Most conversation on the circular economy (CE) revolves around only a part of that circle, and for good reason. In the semiconductor and so many other industries, the greatest and most obvious hurdles to CE involve developing the standards and the major physical and data infrastructure needed to enable the reuse, repair, and recycling part of the equation.
The explosion of the internet of things has added urgency to these discussions: By the middle of this decade, an estimated 27.1 billion connected IoT devices, from smartwatches to refrigerators to light bulbs, will be in play. They will add to the mountains of e-waste that’s already the world’s fastest-growing waste stream.
That infrastructure will be indispensable, and it’s a safe bet that laws and regulations devolving from the Paris Agreement and future treaties will demand it. But there’s much we can do in the meantime, particularly in the realm of data infrastructure. Before touching upon two key aspects of that digital infrastructure, a few words on two ways in which the IoT revolution may, fortunately, be at least partially self-braking.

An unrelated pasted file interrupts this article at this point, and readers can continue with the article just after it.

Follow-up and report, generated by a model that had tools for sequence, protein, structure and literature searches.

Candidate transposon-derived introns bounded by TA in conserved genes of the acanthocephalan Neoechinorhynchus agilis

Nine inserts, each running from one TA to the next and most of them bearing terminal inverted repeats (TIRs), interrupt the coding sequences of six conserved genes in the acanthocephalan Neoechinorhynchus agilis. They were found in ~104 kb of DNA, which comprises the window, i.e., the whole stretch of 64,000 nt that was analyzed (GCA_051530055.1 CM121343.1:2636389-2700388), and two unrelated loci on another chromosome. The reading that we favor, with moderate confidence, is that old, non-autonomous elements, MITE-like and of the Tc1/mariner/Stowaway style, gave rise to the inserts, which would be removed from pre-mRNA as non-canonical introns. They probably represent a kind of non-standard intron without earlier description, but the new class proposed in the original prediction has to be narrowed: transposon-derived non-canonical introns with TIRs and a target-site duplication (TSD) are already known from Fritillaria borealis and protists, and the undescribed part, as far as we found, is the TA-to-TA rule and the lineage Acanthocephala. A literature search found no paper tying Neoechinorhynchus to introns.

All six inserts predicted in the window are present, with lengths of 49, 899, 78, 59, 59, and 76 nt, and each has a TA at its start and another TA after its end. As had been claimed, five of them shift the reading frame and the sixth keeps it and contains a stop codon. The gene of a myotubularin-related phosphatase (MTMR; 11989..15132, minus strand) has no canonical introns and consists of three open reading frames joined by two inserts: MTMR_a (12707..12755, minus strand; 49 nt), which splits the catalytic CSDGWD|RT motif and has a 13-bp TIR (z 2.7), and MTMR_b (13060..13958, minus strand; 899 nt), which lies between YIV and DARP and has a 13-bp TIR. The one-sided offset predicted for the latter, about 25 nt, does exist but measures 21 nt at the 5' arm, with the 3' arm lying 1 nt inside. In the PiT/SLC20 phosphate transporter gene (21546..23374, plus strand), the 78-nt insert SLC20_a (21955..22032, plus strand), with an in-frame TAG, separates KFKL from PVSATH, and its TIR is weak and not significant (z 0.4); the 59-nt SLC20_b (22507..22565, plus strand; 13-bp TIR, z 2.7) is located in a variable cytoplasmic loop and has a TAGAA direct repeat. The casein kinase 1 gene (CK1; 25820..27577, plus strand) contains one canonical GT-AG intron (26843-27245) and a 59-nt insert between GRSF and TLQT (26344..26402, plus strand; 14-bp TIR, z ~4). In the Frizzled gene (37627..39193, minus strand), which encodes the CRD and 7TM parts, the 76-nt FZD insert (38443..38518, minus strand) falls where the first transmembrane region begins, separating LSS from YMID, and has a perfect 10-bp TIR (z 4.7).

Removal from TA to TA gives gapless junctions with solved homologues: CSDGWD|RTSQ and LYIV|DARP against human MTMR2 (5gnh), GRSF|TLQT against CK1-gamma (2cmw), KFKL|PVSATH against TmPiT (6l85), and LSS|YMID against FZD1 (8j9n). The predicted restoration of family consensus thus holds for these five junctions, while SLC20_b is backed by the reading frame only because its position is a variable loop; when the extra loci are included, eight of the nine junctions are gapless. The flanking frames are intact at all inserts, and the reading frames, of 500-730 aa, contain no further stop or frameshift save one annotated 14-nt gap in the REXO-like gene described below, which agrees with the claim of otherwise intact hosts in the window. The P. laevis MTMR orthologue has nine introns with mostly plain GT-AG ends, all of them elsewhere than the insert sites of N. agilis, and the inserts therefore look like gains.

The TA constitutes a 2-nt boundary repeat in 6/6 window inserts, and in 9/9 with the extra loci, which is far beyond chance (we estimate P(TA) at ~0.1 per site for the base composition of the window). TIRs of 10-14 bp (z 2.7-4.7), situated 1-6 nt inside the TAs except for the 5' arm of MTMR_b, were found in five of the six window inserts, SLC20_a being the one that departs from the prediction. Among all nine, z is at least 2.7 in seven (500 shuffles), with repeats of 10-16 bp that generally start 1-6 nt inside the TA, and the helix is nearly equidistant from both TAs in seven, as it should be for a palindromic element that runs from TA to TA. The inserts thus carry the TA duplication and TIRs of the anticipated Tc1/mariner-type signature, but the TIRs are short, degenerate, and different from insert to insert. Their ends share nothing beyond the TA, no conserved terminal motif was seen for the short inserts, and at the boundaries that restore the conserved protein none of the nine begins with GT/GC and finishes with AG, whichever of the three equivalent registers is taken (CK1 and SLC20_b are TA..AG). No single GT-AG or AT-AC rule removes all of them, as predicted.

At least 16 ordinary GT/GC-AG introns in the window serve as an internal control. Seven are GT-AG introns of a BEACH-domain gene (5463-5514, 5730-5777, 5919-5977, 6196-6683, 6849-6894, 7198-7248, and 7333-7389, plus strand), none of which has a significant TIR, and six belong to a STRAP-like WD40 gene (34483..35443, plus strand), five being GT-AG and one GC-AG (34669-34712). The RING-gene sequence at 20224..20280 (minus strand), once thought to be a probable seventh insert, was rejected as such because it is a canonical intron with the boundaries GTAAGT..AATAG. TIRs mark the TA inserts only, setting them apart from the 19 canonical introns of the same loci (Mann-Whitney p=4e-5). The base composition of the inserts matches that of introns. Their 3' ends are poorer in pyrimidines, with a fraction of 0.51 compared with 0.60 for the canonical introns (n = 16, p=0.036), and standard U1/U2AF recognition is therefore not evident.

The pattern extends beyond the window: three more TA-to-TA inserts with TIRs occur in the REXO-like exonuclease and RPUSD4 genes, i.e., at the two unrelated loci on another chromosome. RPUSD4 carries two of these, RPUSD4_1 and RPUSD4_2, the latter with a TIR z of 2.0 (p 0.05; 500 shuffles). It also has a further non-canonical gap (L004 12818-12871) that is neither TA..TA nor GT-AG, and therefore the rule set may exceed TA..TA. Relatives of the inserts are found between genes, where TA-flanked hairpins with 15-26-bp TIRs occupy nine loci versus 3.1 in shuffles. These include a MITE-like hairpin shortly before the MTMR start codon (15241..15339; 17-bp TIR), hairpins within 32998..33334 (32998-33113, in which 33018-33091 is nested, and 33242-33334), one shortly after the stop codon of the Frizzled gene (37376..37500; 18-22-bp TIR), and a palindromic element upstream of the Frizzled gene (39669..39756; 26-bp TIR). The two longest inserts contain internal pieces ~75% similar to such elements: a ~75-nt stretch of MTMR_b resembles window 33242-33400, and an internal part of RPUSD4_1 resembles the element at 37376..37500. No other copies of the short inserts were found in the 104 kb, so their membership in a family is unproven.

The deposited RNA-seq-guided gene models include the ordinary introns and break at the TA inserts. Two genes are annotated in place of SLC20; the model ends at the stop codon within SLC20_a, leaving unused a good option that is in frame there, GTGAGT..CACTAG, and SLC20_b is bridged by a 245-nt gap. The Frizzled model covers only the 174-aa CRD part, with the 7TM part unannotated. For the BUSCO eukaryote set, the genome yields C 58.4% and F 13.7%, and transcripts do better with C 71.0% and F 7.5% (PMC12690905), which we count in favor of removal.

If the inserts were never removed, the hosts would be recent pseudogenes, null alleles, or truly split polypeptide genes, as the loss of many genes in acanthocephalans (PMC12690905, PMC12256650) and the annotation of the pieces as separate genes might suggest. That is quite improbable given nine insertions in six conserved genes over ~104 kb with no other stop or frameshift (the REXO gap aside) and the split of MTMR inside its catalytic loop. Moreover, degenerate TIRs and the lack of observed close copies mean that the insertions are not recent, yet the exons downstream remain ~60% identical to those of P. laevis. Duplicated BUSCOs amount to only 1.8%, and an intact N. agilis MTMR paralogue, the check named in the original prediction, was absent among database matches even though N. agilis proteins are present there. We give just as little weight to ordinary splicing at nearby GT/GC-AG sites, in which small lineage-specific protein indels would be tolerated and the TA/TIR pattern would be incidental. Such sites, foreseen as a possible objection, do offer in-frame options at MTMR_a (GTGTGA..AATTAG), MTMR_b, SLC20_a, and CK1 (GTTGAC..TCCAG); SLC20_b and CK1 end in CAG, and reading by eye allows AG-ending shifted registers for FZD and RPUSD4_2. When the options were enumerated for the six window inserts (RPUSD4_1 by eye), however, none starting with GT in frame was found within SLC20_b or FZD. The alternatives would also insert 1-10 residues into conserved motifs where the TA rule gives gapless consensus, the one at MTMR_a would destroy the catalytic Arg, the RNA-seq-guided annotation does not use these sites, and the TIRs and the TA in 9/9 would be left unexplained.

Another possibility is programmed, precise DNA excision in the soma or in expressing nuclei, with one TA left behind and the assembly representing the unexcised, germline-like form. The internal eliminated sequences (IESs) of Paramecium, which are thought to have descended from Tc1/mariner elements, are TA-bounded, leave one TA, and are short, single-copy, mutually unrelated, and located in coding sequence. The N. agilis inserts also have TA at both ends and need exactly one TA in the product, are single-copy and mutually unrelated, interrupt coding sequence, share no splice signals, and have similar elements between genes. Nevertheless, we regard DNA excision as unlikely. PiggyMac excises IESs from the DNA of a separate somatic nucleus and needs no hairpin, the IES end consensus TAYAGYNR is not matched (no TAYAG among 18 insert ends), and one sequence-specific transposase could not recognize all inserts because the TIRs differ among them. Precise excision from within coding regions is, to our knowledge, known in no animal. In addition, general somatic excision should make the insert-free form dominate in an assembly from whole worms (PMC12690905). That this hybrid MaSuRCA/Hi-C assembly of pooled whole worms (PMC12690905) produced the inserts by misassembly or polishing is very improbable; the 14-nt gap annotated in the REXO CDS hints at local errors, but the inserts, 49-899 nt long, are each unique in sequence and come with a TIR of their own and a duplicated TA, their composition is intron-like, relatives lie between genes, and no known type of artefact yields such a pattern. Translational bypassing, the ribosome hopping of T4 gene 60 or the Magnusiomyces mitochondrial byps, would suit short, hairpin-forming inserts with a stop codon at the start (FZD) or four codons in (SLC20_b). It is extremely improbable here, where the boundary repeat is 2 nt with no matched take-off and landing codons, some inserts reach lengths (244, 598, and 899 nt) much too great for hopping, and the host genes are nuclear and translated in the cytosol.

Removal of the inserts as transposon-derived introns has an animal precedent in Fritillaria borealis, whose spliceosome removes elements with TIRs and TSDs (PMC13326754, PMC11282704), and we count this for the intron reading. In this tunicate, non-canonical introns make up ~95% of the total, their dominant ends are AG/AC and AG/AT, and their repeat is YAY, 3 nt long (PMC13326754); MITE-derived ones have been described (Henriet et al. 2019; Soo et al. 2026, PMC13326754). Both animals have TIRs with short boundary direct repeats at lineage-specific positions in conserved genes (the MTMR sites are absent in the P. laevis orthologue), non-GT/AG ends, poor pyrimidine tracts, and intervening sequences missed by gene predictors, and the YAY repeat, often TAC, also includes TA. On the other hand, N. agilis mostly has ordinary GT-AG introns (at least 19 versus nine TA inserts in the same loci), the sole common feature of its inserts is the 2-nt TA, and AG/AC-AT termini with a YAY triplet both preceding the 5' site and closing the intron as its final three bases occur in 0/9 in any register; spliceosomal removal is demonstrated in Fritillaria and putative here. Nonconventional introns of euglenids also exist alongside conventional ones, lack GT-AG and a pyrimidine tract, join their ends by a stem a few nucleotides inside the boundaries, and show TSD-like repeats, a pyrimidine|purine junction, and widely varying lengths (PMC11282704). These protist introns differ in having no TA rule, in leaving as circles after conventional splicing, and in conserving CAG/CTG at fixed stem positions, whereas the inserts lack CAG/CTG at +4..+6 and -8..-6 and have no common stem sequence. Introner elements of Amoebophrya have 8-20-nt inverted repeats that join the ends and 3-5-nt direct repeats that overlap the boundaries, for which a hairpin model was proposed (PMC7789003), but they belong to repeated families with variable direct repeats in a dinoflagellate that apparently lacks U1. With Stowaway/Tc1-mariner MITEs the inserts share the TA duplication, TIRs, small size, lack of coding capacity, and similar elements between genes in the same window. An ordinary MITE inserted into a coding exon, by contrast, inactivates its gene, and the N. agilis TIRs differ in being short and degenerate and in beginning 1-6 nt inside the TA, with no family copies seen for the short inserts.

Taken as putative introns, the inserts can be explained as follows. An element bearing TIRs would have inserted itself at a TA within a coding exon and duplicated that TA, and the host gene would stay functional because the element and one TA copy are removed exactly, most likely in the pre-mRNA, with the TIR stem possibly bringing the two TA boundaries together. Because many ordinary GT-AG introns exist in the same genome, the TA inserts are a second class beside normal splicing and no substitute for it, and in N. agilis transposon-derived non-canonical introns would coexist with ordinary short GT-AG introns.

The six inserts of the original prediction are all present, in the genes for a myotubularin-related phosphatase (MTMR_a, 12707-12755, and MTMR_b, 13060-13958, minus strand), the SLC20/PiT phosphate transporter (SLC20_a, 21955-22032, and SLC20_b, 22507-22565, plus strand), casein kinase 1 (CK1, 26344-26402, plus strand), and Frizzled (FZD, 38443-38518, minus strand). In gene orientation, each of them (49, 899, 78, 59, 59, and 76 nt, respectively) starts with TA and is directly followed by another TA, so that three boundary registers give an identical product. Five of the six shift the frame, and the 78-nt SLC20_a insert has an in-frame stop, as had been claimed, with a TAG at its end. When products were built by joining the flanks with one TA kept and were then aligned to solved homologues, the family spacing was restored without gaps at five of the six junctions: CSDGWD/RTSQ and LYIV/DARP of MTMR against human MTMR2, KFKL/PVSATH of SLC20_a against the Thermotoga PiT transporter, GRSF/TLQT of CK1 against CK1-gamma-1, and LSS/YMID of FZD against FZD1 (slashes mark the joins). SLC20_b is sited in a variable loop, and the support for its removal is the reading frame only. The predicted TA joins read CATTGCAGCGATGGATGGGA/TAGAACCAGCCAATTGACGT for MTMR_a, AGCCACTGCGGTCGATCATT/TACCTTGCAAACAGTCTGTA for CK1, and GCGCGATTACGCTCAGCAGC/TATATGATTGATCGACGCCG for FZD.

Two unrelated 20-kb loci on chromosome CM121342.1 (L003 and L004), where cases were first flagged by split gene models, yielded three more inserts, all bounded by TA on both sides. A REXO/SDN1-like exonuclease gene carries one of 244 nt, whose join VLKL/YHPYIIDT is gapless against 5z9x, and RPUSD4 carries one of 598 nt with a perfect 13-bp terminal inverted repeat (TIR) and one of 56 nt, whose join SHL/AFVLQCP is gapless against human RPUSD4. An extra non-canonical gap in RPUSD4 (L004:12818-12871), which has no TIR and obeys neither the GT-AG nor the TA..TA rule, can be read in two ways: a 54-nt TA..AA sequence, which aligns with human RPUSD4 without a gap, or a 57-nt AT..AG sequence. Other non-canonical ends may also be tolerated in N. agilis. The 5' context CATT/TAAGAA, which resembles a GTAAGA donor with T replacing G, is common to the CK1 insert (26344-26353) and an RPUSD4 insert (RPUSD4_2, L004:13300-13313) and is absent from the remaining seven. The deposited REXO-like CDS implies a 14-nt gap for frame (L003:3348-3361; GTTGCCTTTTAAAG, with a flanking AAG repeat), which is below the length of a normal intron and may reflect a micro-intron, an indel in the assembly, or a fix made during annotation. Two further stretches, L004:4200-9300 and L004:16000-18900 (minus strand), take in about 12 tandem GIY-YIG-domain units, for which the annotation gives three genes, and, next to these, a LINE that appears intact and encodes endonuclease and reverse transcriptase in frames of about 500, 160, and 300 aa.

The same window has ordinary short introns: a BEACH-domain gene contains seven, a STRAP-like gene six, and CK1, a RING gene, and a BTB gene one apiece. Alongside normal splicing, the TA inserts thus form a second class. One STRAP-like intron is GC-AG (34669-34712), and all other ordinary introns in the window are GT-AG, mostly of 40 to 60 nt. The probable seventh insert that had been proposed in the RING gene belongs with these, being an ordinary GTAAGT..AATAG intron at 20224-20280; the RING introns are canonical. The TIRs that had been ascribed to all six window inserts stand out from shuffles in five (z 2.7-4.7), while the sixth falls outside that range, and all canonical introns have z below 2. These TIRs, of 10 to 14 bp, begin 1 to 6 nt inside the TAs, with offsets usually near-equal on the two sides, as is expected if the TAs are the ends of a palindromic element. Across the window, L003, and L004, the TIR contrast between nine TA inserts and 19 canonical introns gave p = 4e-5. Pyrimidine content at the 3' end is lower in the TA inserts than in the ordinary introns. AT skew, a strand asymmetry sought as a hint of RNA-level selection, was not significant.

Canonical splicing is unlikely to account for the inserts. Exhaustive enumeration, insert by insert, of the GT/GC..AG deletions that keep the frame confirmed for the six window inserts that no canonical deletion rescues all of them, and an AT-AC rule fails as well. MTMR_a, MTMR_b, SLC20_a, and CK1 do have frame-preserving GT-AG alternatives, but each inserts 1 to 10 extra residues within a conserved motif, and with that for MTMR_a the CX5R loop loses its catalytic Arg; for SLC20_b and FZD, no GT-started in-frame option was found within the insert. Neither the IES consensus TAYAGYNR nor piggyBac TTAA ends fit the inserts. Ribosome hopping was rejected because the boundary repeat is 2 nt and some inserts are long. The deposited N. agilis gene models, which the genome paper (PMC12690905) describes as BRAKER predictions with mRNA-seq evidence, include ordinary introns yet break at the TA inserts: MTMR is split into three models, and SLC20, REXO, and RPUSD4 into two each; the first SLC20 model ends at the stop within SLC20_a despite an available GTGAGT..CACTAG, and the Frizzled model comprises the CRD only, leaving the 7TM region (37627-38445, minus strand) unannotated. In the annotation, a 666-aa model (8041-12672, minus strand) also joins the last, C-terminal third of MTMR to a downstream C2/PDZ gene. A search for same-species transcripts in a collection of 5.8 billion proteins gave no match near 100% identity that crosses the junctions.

First, on the consumer side, unlike the products most obviously associated with semiconductors (PCs, tablets, and smartphones, primarily), embedded devices are often power products with longer life expectancies — thermostats, fridges, and light bulbs (a smart LED light bulb burning three hours a night is rated to last 23 years). Like so many Teslas, virtual “product” upgrades via over-the-air software updates can substitute for product replacement. The longer the product lifetime, the fewer replacements needed and the less waste CE must deal with.
Second, on the B2B side, the growth of everything-as-a-service (XaaS), outcome-driven business models should also extend product life cycles. While this also applies in the consumer realm (users of cloud-based data backup don’t know or care how old the servers and drives storing their data are, for example), for businesses, the bottom line is whether you are satisfying the service-level agreement. Older, less costly hardware coupled with occasional software updates can slow the replacement cycle.
For the rest of this article Electronic Products.Jeff Howell, Global Vice President, High Tech, SAP SE, please see EPSNews sister publication